• “More like a woman stuck into boy’s clothes”: Sexual deviance in Florence Marryat’s Her Father’s Name

    Author(s):
    Catherine Pope (see profile)
    Date:
    2018
    Group(s):
    Feminist Humanities, Gender Studies, Victorian Studies
    Subject(s):
    Gender and medicine, Gender and sexuality, Medicine and literature, Victorian literature
    Item Type:
    Conference paper
    Conf. Title:
    Victorian Authenticity and Artifice
    Conf. Org.:
    Victorian Popular Fiction Association
    Conf. Loc.:
    London
    Conf. Date:
    15th July 2015
    Tag(s):
    hysteria
    Permanent URL:
    http://dx.doi.org/10.17613/M6VR9W
    Abstract:
    Her Father’s Name (1876) is one of Marryat’s most radical and intriguing novels, featuring Leona Lacoste, a cross-dressing heroine, and Lucilla Evans, a textbook hysteric who falls in love with her. For centuries, the diagnosis of ‘hysteria’ was conveniently applied to any woman who exhibited transgressive behaviour, whether it be through sexual promiscuity or simply by expressing strong opinions. As I argue in this paper, Marryat uses her novel to reveal how in the late nineteenth century, hysteria was clearly linked with lesbianism and used to pathologise sexual deviance. Using the character of a family doctor, Marryat shows how the medical profession operated to regulate gender, expose artifice, and restore patients to ‘normative’ sexuality. I discuss how the doctor is thwarted by the willingness of the other characters to collude in Leona’s disguise - they accept both her transvestism and her often reciprocal attraction to women. Whereas in many contemporary novels masculine women are feared and derided as vectors of lesbian contagion, Leona is portrayed as an entirely sympathetic character. Through her, Marryat allows women a greater range of sexual expression, presenting lesbianism as an alternative to heterosexual marriage, rather than as an ugly subversion of the feminine ideal. Leona’s protean nature, I propose, allows Marryat to explore radical ideas in what is, on the surface, a pantomimic text, but one that yields deeply subversive readings. In Leona she presents a heroine who comprehensively challenges prevailing notions of both femininity and sexuality.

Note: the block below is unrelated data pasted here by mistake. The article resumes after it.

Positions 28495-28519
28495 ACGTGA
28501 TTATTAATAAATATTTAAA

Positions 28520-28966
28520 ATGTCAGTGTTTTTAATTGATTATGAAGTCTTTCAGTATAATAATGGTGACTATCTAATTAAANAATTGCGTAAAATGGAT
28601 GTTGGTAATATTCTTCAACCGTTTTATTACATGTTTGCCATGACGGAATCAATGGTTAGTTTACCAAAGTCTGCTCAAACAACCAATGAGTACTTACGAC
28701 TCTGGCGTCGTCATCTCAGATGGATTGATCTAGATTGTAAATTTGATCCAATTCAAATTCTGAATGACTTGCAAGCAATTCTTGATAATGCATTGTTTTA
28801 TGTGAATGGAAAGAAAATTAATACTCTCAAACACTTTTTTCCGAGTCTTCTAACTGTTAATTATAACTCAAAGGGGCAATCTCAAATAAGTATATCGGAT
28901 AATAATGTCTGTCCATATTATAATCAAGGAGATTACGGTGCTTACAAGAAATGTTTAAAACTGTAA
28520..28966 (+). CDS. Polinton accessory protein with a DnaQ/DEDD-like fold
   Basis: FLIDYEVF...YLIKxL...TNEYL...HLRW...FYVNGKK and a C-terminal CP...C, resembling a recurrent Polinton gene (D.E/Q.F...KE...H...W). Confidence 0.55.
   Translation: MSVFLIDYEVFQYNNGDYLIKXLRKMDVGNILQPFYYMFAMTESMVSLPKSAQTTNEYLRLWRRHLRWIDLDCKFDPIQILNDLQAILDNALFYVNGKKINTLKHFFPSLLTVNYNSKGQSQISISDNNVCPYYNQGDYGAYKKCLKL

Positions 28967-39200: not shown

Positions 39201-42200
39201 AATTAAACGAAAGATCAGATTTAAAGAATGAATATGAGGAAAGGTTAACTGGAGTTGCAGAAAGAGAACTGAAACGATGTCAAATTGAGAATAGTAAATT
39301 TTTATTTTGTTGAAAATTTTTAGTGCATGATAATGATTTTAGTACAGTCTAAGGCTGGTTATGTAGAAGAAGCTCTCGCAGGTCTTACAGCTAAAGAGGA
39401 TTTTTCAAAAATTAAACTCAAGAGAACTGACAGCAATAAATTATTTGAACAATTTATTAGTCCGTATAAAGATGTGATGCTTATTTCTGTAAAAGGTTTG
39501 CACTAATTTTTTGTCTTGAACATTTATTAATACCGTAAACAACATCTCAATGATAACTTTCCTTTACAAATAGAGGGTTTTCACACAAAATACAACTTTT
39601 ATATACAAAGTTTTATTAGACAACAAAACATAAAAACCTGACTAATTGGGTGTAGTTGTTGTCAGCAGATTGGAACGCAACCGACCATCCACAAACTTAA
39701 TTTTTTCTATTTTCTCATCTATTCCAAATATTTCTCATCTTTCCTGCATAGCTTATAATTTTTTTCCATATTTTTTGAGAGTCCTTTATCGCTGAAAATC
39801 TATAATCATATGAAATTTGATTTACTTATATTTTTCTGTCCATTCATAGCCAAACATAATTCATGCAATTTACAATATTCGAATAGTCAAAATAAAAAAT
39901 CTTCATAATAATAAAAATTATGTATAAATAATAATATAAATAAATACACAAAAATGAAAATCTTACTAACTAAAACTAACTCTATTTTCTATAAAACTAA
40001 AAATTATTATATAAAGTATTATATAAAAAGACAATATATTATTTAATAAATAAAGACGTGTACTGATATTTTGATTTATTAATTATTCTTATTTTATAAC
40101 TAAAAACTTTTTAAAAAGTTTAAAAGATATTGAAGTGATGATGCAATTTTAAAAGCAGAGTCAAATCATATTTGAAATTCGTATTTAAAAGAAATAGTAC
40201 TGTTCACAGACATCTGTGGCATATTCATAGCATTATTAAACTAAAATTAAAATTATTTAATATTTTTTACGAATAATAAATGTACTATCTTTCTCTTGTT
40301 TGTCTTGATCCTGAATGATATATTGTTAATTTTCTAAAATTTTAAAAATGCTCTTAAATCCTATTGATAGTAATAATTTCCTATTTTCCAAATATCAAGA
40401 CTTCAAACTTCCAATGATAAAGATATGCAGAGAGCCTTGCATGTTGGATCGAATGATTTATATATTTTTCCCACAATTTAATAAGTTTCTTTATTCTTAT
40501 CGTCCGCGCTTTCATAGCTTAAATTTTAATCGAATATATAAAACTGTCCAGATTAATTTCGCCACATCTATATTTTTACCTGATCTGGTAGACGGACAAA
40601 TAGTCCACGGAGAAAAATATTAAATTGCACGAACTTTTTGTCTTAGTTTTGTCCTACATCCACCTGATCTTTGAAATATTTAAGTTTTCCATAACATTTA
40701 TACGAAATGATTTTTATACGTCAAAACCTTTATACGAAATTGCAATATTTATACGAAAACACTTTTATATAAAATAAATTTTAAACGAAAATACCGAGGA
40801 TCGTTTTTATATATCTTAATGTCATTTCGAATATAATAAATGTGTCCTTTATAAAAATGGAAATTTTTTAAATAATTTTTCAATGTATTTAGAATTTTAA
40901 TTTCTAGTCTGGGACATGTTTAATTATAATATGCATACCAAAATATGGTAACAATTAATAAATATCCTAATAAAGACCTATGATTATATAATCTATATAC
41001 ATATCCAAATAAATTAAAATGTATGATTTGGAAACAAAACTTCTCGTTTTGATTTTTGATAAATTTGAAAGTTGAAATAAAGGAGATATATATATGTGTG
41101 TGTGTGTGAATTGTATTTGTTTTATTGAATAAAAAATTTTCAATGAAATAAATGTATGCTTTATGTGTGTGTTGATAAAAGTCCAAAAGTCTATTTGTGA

Metadata:
    Status:
    Published
    Last Updated:
    3 years ago
    License:
    All Rights Reserved
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